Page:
This discovery is the one Dr. Dick has personally been seeking ever since 1988 when he developed the first means of studying human blood stem cells by transplanting them into immune-deficient mice, research that was also published in Science.

"Back then, our goal was to define single human stem cells. With advances made in technology, twenty-three years later, we have."

Source: University Health Network
Contact: Jane Finlayson

Isolation of Single Human Hematopoietic Stem Cells Capable of Long-Term Multilineage Engraftment

Faiyaz Notta, Sergei Doulatov. Elisa Laurenti, Armando Poeppl, Igor Jurisica and John E. Dick
Science 8 July 2011, Vol. 333 no. 6039 pp. 218-221, DOI: 10.1126/science.1201219


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Unexpected Cell Repairs the Injured Spinal Cord

Unexpected Cell Repairs the Injured Spinal Cord
Friday, 08 July 2011
Lesions to the brain or spinal cord rarely heal fully, which leads to permanent functional impairment. After injury to the central nervous system (CNS), neurons are lost and largely replaced by a scar often referred to as the glial scar based on its abundance of supporting glial cells. Although this process has been known to science for over a century, the function of the scar tissue has long been disputed. However, there are indications that it stabilizes the tissue and that it inhibits the re-growth of damaged nerve fibres.

In this present study, Professor Jonas Frisén and his team of researchers show that the majority of scar cells in the damaged spinal cord are not glial cells at all, but derive from pericytes, a small group of cells located along blood vessels. They reveal that these pericytes start to divide after an injury, giving rise to a mass of connective tissue cells that migrate towards the lesion to form a large portion of the scar tissue. Their paper also shows that these cells are needed to regain the tissue integrity, and that in the absence of this reaction, holes appear in the tissue instead of scarring.

For many years, scientists have tried to modulate scar formation after CNS damage in order to facilitate functional recovery, and have concentrated on glial cells. However, these new findings indicate a critical and previously unknown mechanism for scar formation following damage to the nerve system, and give reason for further investigation into whether the modulation of pericytes after CNS injury can stimulate functional recovery.

Source: Karolinska Institutet
Contact: Ulla Bredberg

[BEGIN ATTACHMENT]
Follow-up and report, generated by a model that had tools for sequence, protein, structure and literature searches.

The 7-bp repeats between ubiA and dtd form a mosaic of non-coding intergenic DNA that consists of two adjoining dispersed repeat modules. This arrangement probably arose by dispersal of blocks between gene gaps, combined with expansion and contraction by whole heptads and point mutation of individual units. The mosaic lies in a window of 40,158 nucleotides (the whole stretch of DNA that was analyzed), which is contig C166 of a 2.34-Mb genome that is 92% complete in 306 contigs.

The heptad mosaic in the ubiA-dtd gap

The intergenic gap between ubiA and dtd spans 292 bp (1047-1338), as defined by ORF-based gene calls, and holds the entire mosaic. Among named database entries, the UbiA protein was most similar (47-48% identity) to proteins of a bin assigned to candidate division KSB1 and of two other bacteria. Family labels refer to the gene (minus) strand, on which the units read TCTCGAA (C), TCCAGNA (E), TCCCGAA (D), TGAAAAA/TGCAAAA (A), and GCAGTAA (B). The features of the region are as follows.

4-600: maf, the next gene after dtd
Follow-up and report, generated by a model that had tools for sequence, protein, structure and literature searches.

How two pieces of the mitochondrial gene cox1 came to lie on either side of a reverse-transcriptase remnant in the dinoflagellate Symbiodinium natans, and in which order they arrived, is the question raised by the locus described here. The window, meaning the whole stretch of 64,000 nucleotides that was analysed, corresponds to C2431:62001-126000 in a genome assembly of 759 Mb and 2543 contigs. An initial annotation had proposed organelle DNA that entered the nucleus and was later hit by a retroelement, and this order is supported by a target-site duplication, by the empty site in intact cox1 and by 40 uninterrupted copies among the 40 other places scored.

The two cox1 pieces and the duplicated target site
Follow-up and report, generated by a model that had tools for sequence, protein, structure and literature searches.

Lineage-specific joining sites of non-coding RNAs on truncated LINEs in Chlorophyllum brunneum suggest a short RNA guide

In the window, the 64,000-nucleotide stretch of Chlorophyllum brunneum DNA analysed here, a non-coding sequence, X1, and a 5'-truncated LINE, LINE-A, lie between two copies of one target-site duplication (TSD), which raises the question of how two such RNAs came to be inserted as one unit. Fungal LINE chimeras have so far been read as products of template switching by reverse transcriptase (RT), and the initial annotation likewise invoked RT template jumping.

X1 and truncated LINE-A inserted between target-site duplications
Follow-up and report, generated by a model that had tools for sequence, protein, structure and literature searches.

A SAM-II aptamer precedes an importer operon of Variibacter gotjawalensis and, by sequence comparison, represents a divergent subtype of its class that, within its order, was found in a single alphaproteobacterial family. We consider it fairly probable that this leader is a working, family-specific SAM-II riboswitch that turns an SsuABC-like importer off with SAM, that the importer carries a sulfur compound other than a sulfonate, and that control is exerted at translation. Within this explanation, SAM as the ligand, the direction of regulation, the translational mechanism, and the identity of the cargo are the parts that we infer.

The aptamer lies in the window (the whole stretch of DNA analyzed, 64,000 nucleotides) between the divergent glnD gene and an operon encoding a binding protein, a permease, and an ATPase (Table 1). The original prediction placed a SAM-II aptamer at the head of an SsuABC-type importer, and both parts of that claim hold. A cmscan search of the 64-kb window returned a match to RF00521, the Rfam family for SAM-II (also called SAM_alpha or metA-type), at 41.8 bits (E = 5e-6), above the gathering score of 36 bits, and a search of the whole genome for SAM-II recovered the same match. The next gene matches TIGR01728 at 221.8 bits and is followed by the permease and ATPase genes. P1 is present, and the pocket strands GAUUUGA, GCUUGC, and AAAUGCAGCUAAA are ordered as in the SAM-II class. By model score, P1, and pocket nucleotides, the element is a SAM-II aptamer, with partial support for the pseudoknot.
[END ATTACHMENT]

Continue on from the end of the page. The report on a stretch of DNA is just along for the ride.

A pericyte origin of spinal cord scar tissue
C. Göritz, D. Dias, N. Tomilin, M. Barbacid, O. Shupliakov, J. Frisén
Science online 8 July 2011 Vol. 333 no. 6039 pp. 238-242,
DOI: 10.1126/science.1203165



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Mesenchymal Stem Cells: A Drugstore Within

Mesenchymal stem cells protect and heal
Friday, 08 July 2011

A stem cell that can morph into a number of different tissues is proving a natural protector, healer and antibiotic maker, researchers at Case Western Reserve University and their peers have found.
Mesenchymal stem cells reaped from bone marrow had been hailed as the key to growing new organs to replace those damaged or destroyed by violence or disease, but have failed to live up to the billing.
Instead, scientists who'd been trying to manipulate the cells to build replacement parts have been finding the cells are innately potent antidotes to a growing list of maladies.
The findings are summarized in the July 8 issue of Cell Stem Cell.
The cell, referred to as an MSC, "is a drugstore that functions at the local site of injury to provide all the medicine that site requires for its successful regeneration," said
Arnold Caplan, professor of biology at Case Western Reserve, and lead author of the paper.
Here's how:
MSCs sit on every blood vessel in the body. When a blood vessel is injured or enflamed, the cells detach and jump into action.
"From the front end, the cell puts up a curtain of molecules which stop an overaggressive immune system from sending in cells to survey the damage – which, if successful, would mount an autoimmune response," he said.
"The back face of the MSC secretes molecules that set up a regenerative microenvironment so that the damaged tissue can repair itself and not make scar tissue."
Researchers around the world have been using the cells in a broad range of preclinical animal models of disease and injury and in clinical trials during the last decade.